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Gustavo Rezende and the determination to carry on

Tadeu Chiarelli

When reflecting on the following texts, readers might notice that their authors repeatedly emphasize the dubious or even hermetic nature of the titles of many of Gustavo Rezende’s works.

Indeed, as Regina Teixeira de Barros points out in her 1997 essay (reprinted herein), Rezende’s titles are as important as his works themselves, in that they “take viewers to a different dimension: that of an intellectual game or play. It is precisely the title that draws in viewers and sets enigmas to be solved, or at least gradually extricated."

The author’s remark may be a useful adage for a few notes introducing the artist’s poetic realm. Not to exhaust or overtax the subject (which would be neither feasible, nor desirable), but perhaps to add different information that would bring out the interest of his poetics even more clearly (though no text will accomplish that which Rezende accomplishes with such aplomb in his art production).

In the above quote, Teixeira de Barros notes that work titles initiate the “intellectual game” into which a viewer is drawn upon reading them, but she may not have given due weight to the fact that visitors start playing this “game” the instant they associate a title with the artwork itself. In this respect, it could be said that a substantial part of Rezende’s production consists of tridimensional pieces (or pieces that tend to be tridimensional, depending on the case) and their titles. “Pieces and their titles” would do nicely to designate one of his works...

Of course, this “intellectual game” starts the very moment we set eyes on a work divided into two parts that are almost identical, if not exactly the same. Optical illusion? Not at all. In principle, two identical pieces placed side by side cannot be taken for a diptych, for the simple reason that, on the one hand, the notion of diptych relates more to the universe of pictorial production. On the other hand, in the two-dimensional realm, a “composition” – in most cases, at least – tends to expand through its two elements.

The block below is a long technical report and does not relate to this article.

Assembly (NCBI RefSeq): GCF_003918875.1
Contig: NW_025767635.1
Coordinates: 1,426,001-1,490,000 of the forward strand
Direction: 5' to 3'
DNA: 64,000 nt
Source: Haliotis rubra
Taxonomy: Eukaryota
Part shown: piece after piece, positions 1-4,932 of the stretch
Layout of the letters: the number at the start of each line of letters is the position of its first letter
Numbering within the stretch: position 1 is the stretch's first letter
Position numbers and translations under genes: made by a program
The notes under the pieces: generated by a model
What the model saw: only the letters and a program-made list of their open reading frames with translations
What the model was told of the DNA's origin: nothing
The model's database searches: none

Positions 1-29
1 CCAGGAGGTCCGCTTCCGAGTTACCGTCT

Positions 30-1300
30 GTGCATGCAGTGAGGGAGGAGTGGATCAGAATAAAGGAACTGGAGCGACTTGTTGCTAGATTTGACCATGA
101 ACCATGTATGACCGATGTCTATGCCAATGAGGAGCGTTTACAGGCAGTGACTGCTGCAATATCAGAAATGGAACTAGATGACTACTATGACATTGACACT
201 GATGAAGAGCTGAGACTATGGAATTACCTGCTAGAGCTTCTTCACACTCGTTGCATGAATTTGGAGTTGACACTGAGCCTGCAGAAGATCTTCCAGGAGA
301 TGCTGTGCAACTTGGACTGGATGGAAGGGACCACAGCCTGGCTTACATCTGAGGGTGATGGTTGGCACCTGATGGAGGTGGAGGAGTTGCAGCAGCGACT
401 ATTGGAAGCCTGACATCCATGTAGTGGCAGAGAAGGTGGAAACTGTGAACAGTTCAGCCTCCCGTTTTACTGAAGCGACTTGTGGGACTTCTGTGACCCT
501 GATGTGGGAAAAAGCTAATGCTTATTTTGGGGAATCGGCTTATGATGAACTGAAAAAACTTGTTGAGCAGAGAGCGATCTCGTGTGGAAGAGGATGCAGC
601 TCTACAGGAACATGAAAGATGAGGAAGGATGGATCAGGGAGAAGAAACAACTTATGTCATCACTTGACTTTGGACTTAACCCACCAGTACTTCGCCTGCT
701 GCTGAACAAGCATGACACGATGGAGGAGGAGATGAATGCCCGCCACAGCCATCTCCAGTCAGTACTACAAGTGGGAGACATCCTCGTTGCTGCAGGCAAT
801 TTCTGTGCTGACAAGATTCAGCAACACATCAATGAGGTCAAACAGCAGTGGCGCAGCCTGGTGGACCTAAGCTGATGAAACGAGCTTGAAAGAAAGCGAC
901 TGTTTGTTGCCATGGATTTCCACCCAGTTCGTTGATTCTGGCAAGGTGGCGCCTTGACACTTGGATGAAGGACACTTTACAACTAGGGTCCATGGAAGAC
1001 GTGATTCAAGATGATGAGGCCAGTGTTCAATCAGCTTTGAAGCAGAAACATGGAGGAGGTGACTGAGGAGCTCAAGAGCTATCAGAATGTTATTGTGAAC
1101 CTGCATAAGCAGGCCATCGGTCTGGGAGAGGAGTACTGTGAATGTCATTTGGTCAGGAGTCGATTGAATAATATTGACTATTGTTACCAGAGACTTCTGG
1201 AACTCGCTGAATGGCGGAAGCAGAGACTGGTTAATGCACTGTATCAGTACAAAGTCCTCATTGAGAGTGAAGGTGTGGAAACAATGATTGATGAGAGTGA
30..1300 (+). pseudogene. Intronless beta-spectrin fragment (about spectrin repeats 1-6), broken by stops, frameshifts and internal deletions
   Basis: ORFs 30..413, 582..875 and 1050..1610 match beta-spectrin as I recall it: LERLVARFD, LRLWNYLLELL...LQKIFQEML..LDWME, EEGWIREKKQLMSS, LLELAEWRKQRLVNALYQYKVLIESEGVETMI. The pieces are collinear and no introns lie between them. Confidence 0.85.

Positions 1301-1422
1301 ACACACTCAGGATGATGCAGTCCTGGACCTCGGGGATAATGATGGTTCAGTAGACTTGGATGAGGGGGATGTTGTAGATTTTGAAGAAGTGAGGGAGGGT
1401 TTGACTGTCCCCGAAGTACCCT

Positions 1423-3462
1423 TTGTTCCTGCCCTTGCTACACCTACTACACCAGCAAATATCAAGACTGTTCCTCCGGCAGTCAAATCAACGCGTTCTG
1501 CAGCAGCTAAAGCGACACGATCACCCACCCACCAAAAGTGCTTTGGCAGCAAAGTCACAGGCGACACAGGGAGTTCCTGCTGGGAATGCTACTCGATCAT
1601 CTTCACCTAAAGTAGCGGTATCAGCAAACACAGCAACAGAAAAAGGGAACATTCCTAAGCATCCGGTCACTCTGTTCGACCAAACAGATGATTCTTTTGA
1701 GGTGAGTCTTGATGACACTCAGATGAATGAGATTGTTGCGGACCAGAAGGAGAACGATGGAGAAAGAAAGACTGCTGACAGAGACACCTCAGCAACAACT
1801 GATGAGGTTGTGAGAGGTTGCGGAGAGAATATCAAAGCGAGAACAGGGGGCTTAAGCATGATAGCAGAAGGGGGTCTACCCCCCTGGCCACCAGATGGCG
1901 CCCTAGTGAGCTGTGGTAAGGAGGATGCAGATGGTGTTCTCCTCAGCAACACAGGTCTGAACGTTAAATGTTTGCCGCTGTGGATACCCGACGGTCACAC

Even bearing in mind that a significant number of the “doubles” Gustavo Rezende produced in his early career behave more as if they belonged in the two-dimensional realm (they are reliefs, after all), the artist does not resort to a single plastic idea divided into two parts. Rather, he goes precisely for one and the same plastic form, which he then replicates.

However, upon reading the title of a work, we perceive – perhaps unconsciously      – connective and additive operations embedded in both of the forms we are looking at. It is as if an imaginary ‘and’ were placed between the two forms. However, the problem – or “game” – takes on more complexity when we read the title of the work  –  for example, O Imperador e seu Dorso [The Emperor and His Back] –  and realize that the title contradicts the connecting operations perceived in both forms. This is because when we look at the forms we perceive them as substantially equal, but the same does not happen when we read the title. "The emperor" and "his back” are not equivalent expressions, neither as signifiers nor – on first sight, at least – as signifieds.